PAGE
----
Academic journal article Presidential Studies Quarterly

The Contemporary Presidency: The Decline and Resurgence and Decline (and Resurgence?) of Congress: Charting a New Imperial Presidency

Academic journal article Presidential Studies Quarterly

The Contemporary Presidency: The Decline and Resurgence and Decline (and Resurgence?) of Congress: Charting a New Imperial Presidency

Article excerpt

"How Much Power Should They Have?" demanded the cover of Newsweek as 2006 began, as President George W. Bush and Vice President Dick Cheney glared out from underneath the headline. The question was prompted by a flurry of holiday season revelations centered on aggressive claims to, and use of, unilateral presidential powers. These ranged from the detention and treatment of imprisoned terror suspects around the world to phone taps placed on Americans without a court warrant. "We've been able to restore the legitimate authority of the presidency," the vice president insisted; others worried that the Constitution's checks were being unbalanced and that the "imperial presidency" of the Vietnam/Watergate era had risen from the grave (Cheney 2005; Rudalevige 2005; Schlesinger 1973).

Framing Questions

However timely, Newsweek's query was of course hardly new. Indeed, little at the Constitutional Convention of 1787 provoked more debate than the shape and scope of the executive branch. Delegates had to determine how the president would be selected, how long he should serve, whether he should be able to run for office more than once, how much power he should have--even whether the president would be a "he" or a "they." (1) Some of the Framers were unconvinced of the need for an executive branch in the first place. Others thought that executive power must be strictly divided, to impede future tyranny: for them, in Virginia Governor Edmund Randolph's phrase, a single executive was "the foetus of monarchy" (Rakove 1996, 257). And monarchy, of course, was what the Framers wanted to avoid.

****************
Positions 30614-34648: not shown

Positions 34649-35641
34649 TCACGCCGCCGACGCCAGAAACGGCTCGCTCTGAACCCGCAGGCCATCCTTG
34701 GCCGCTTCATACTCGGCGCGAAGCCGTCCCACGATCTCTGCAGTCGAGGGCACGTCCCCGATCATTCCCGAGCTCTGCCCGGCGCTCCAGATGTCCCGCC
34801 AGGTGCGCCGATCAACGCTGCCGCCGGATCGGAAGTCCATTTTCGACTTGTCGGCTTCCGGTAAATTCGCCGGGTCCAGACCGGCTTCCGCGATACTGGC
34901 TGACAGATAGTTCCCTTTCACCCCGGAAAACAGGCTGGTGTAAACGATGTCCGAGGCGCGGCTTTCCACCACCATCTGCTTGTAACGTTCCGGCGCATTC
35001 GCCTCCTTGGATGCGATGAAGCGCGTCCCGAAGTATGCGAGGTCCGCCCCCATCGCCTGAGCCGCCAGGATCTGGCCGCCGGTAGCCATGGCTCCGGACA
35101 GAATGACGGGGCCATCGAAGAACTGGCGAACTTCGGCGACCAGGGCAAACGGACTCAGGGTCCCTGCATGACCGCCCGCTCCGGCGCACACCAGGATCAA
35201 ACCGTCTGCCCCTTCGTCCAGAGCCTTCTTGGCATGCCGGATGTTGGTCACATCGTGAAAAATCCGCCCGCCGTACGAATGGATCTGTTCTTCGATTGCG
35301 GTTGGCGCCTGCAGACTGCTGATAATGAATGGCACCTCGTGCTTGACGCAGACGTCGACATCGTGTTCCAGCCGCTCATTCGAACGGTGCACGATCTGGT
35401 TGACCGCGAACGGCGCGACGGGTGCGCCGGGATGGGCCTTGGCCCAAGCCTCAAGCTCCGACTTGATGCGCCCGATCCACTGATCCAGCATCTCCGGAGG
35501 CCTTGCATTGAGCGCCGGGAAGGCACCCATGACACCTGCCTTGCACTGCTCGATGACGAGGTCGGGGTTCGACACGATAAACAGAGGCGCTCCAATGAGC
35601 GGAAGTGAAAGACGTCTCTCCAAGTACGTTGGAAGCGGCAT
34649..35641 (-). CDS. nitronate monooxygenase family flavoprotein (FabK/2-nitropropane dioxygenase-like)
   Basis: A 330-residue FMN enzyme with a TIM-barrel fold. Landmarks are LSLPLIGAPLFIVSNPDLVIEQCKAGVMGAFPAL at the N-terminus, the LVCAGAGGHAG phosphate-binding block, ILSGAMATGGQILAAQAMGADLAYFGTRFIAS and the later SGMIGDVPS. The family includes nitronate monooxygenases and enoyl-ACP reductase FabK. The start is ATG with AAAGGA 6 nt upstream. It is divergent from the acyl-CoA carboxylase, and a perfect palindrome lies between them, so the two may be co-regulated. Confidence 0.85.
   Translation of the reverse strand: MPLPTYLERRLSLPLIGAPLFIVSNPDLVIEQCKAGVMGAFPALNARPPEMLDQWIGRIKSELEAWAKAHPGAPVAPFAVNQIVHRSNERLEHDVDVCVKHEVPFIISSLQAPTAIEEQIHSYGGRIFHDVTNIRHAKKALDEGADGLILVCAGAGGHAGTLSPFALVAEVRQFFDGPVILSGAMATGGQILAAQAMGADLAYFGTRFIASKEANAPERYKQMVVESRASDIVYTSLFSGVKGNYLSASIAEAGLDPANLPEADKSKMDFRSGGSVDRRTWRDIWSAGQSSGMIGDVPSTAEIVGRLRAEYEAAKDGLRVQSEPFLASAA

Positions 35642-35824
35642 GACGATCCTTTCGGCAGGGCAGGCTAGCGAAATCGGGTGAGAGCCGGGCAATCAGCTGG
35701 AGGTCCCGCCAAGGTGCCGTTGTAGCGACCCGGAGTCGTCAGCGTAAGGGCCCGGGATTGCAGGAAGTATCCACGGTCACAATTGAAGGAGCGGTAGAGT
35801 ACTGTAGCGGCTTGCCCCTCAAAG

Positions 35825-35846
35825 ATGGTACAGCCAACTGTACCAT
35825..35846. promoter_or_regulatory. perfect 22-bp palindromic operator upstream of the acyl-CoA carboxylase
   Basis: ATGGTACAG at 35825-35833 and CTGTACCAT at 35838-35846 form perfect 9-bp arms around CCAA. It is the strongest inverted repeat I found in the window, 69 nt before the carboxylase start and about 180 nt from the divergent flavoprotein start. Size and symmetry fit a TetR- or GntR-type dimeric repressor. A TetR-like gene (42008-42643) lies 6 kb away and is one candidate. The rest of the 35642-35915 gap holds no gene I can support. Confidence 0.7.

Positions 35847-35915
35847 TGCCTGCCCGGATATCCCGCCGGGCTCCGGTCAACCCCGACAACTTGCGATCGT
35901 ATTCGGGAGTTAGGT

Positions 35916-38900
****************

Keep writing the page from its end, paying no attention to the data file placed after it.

In the end, the framework of presidential power was left largely in outline form, to be worked out in practice. Consider the very first sentence of Article II: "The executive power shall be vested in a President of the United States of America." What is "the executive power"? What might it allow the president to do? Here the document is silent. In other places the president was given a limited array of specified powers, many of them further truncated by a sort of congressional asterisk--the president can finalize treaties, or appointments, only with Senate approval; the execution of the law assumes its legislative passage; no money can be spent that is not first appropriated by Congress. How these shared powers might work was itself not clarified; the expectation was, in Madison's famous phrase from the Federalist, that interbranch interaction would allow institutional "ambition ... to counteract ambition."

The conflict that implied began immediately, when Treasury Secretary Alexander Hamilton and Congressman James Madison argued over the scope of President Washington's unilateral authority. Reduced to its essence, the dispute was--and is--relatively straightforward: is a president limited to the specific powers affirmatively listed in the Constitution or granted in statute, or can he take whatever actions he deems in the public interest so long as those actions are not actually prohibited by the Constitution? Theodore Roosevelt's iteration of Hamilton's position put it clearly: "My belief was that it was not only [the president's] right but his duty to do anything that the needs of the Nation required unless such action was forbidden by the Constitution or by the laws." Roosevelt's successor, William Howard Taft, clarified the opposing view. "The President can exercise no power which cannot be fairly and reasonably traced to some specific grant of power or justly implied within such express grant as proper and necessary to its exercise," Taft wrote. "There is no undefined residuum of power which he can exercise because it seems to him to be in the public interest" (Pyle and Pious 1984, 70-71; Roosevelt 1985 [1913], 372).

Whatever the Framers' true intent, the Hamiltonian position won out over time. The growth in the size and scope of government during and after the Great Depression, and the national security apparatus built during World War II and the Cold War, effectively settled the argument. …

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